Wednesday, 19 June 2013

WIPW - Flowers

Work
In
Progress
Wednesday

Regular readers know by now that WIPW for me means a report on my Kafferepet quilt.
We've come to the last kind of items on the quilt - flowers.

For the well dressed coffee party table there must be flowers. Winters in Sweden are long, dark and cold so almost every home has a selection of potted houseplants, many of them flowering. A pot with hyacinths, African violets or orchids may decorate the table.

However, cut flowers are more common, especially in the warmer seasons. They may be shop bought, or picked in the garden. Usually they are beautifully arranged in a vase, but they can simply be strewn on the table as well.

One of the most popular summer flowers is the Ox Eyed Daisy, and it is even featured on the Swedish National costume.

I come from a long line of florists, and gardeners, who cultivated new varieties of fruit and flowers. Having flowers around the house is second nature to me, and for this quilt I tried to follow in my ancestors' footsteps and bred a new 'Heart Petalled Daisy', i.e. I appliquéd a couple of fantasy flowers, ha, ha!

























Flowers on the table can of course also be the edible variety. There might be crystallised violets on a cake. How about some rose jelly as a cake filling, lavender scones, lemon scented pelargonium leaves in the muffin batter, camomile tea or small frozen flowers in the ice cubes...

-.-.-.-.-.
Japan is famous for its Ikebana. You can see these artistically arranged flowers in the alcove of a traditional living room,




























in restaurants and even railway stations or post offices.
However, these arrangements are not placed on a dining table. Even other bouquets of flowers are displayed on side tables, in the window or at the Buddhist altar (in this last case they are a special selection of flowers), but NOT on the table. Now here comes a contradiction: That doesn't mean that there are no flowers on the table! There are, but they are for consumption; cherry blossoms cured in salt and used for tea, chrysanthemum  petals pickled in vinegar and honey, rice steamed in bamboo leaves... Also like kitchen wizards in many other countries, a Japanese chef might carve vegetables to look like flowers, e.g a slice of carrot turned into a plum blossom.
Oh, and of course, in spring the chops sticks might rest on a small twig with cherry blossoms and in autumn there might be a red maple leaf in the bamboo basket of deep fried vegetables - not for consumption, and not in the common home, you need to go to a 'fancy' restaurant to see this.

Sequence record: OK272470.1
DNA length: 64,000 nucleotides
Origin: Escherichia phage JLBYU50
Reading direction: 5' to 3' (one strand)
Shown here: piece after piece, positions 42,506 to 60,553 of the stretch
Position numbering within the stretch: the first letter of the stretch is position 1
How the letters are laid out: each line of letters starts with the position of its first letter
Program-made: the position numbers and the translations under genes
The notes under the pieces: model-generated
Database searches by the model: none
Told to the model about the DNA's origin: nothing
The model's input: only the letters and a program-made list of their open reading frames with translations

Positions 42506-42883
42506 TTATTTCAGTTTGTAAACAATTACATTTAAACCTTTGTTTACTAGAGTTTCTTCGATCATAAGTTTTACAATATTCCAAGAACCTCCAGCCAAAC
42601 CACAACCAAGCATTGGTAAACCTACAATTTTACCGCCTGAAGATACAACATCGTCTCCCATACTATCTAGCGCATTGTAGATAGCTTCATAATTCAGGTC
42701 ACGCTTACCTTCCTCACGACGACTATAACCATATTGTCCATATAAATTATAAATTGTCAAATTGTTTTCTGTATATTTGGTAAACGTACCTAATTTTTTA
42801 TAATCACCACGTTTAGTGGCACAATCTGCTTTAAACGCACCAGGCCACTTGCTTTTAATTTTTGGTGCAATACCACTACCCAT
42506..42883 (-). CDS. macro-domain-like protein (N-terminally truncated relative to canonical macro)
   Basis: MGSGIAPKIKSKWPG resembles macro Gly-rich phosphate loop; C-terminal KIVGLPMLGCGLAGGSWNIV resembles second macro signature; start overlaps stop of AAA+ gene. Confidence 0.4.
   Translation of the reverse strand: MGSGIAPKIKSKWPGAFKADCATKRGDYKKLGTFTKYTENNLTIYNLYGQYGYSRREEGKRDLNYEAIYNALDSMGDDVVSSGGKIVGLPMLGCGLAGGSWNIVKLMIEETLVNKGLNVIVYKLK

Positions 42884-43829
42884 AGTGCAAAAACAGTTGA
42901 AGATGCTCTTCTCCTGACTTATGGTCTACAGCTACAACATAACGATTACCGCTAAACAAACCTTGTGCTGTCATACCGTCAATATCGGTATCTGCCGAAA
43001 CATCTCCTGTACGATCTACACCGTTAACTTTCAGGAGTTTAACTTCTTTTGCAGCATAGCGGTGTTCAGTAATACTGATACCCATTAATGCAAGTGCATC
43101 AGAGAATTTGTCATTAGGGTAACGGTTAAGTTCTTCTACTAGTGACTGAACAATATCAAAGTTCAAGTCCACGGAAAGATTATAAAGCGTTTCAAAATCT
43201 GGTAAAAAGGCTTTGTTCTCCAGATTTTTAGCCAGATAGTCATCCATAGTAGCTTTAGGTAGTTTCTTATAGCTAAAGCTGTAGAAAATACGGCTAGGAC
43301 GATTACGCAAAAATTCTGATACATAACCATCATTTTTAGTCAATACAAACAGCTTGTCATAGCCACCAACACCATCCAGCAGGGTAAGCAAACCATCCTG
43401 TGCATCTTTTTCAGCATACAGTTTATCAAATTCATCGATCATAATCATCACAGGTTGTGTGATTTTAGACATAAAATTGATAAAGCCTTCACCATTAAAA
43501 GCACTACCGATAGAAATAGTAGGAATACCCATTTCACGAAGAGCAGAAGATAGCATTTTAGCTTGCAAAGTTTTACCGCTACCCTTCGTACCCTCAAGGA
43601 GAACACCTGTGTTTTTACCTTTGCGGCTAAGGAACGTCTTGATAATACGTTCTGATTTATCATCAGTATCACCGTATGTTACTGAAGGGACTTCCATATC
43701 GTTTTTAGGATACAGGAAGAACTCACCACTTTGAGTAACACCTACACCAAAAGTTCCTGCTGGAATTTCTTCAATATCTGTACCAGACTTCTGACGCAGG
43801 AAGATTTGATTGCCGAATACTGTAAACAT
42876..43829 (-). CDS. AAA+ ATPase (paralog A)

-.-.-.-.-.
More progress on the border.
I used Sharon's CQ Stencils for the swirly TAST stems. #56 Sailor Stitch on the left and #12 Barred and Alternating Barred Chain Stitch on the right
Some stitch treatment on flower and leaves. There will be beads added later.
For more WIPW reports, visit Pintangle.

12 comments:

  1. you have added a lot this past week Queenie and it is so interesting reading about the traditions of other countries.See Sharon`s stencils are getting well used, I am on the list for the next set. Love the yellow flower.

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    Replies
    1. Thank you, Margaret.
      I hope the readers can compare the traditions I describe with the one of their own countries. In India e.g. flower petals are often used to decorate intricate patterns. In many countries a single flower is used to decorate each guest's place...
      The stencils ARE fun to work with!

      Delete
  2. The Kafferpet quilt is going to be stunning, and totally unique. The comparison of how flowers are used in Sweden and Japan is also interesting–I prefer the natural and casual approach to the over stylised Ikebana arrangements.

    ReplyDelete
    Replies
    1. Thank you, Elizabeth
      It is an interesting quilt to be working on, and researching for!
      There are so many kinds of flowers and that is maybe why there are so many styles in arranging flowers.

      Delete
  3. I like the stitches on your orange flowers!

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    Replies
    1. Thanks. This is going to be tricky; I love overdoing the embroidery and I am not sure it will be the best choice for each flower. I need to be restrained!

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  4. Your work is absolutely beautiful!

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  5. This is going to be the most wonderful cloth. Loaded with traditions, memories and stories from both the Japanese and Swedish cultures. Don't forget to print out a little booklet of your writting to go with it.

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    Replies
    1. Thank you for your kind words.
      You bet! I will print out the blog posts and keep them with other documentation.

      Delete
  6. Your flowers are lovely, flowers are one of my favourite things but I have never eaten one, I wonder what they taste like!!

    ReplyDelete
    Replies
    1. Thank you for your kind words.
      Have you never seen a salad with nasturtium or lavender scones? Even in the UK I have eaten a lot of flowers!
      The Japanese varieties are 'unusual' to the Western palate, but in my opinion very good.

      Delete

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